Tributes are tricky, especially when the band being covered is as formidable as Nirvana. The tribute to Radiohead, Anyone Can Play Radiohead, works because it is interesting to see how other bands interpret the band's songs, and the Joy Division tribute, A Means to an End, is brilliant because of the inclusion of heavy-hitters like Low, Codeine, Girls Against Boys, Moby, and Tortoise. But the Nearvana "San Francisco" project is too scattered to consistently provide either of these elements. The covers tend towards the deconstructed, like Storm, Inc.'s "Rape Me," and the derivative, like JoJo's "Francis Farmer Will Have Her Revenge on Seattle." There are strong tracks on the album, including Birdsaw's atmospheric, Cure-covering-Nirvana version of "Something in the Way," El Destroyo's moody "Dumb," Binky's entirely inspired mariachi band-meets-hardcore "Pennyroyal Tea," and Jeff Halford's sublime "All Apologies." But for the most part, the engaging versions are the most ridiculous -- the Crosstops' cowpunk "In Bloom" and the Hellworms' gothic, Dracula rock on "Milk It" -- and these seem more novelty than tribute. Nearvana "San Francisco" is certainly worth one listen, but even for the incurably curious or devoted, that should be enough.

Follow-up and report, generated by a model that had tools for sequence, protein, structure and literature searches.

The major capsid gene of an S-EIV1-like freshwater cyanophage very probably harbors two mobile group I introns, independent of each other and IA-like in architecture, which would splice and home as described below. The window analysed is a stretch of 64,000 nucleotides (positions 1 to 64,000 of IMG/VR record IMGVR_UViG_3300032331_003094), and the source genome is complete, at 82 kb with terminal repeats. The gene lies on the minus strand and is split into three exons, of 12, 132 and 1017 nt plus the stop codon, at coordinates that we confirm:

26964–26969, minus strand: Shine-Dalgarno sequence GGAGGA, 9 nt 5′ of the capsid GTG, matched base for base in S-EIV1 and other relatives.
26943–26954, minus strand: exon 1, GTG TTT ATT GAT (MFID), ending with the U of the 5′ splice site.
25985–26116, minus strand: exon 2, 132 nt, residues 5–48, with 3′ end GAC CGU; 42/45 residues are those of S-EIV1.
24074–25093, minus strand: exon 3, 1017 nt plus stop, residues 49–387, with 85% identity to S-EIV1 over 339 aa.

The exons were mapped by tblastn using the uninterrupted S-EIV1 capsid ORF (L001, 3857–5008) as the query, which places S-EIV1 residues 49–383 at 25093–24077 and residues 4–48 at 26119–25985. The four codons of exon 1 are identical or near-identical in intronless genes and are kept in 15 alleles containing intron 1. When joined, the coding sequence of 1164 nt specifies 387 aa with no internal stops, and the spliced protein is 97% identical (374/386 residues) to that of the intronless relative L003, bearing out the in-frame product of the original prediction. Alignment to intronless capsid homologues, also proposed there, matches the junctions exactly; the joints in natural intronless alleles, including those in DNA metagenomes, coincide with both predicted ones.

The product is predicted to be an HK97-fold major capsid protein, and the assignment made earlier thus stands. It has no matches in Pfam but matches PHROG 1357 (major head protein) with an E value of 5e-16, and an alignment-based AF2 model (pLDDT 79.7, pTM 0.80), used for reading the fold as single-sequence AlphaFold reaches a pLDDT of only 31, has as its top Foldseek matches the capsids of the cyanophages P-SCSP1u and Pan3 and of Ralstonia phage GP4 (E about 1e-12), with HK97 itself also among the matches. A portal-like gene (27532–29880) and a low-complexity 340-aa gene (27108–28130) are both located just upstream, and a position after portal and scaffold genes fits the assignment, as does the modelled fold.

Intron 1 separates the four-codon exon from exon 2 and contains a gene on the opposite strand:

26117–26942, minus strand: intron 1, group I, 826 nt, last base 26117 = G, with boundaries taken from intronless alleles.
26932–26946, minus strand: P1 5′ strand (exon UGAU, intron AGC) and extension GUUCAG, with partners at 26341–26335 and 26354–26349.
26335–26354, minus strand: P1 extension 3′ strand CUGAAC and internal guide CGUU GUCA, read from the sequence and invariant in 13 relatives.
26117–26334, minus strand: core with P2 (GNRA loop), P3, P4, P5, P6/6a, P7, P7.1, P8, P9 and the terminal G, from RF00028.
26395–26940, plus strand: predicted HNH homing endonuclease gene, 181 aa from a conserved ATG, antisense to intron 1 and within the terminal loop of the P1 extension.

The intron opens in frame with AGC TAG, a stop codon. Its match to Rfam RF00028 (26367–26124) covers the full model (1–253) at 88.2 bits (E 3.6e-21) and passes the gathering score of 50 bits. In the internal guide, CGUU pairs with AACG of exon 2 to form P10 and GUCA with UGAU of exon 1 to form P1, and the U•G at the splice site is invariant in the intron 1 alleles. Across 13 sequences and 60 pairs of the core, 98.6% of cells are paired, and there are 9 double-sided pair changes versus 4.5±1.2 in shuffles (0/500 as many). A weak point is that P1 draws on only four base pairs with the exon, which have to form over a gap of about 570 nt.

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AllMusic Review by Charles Spano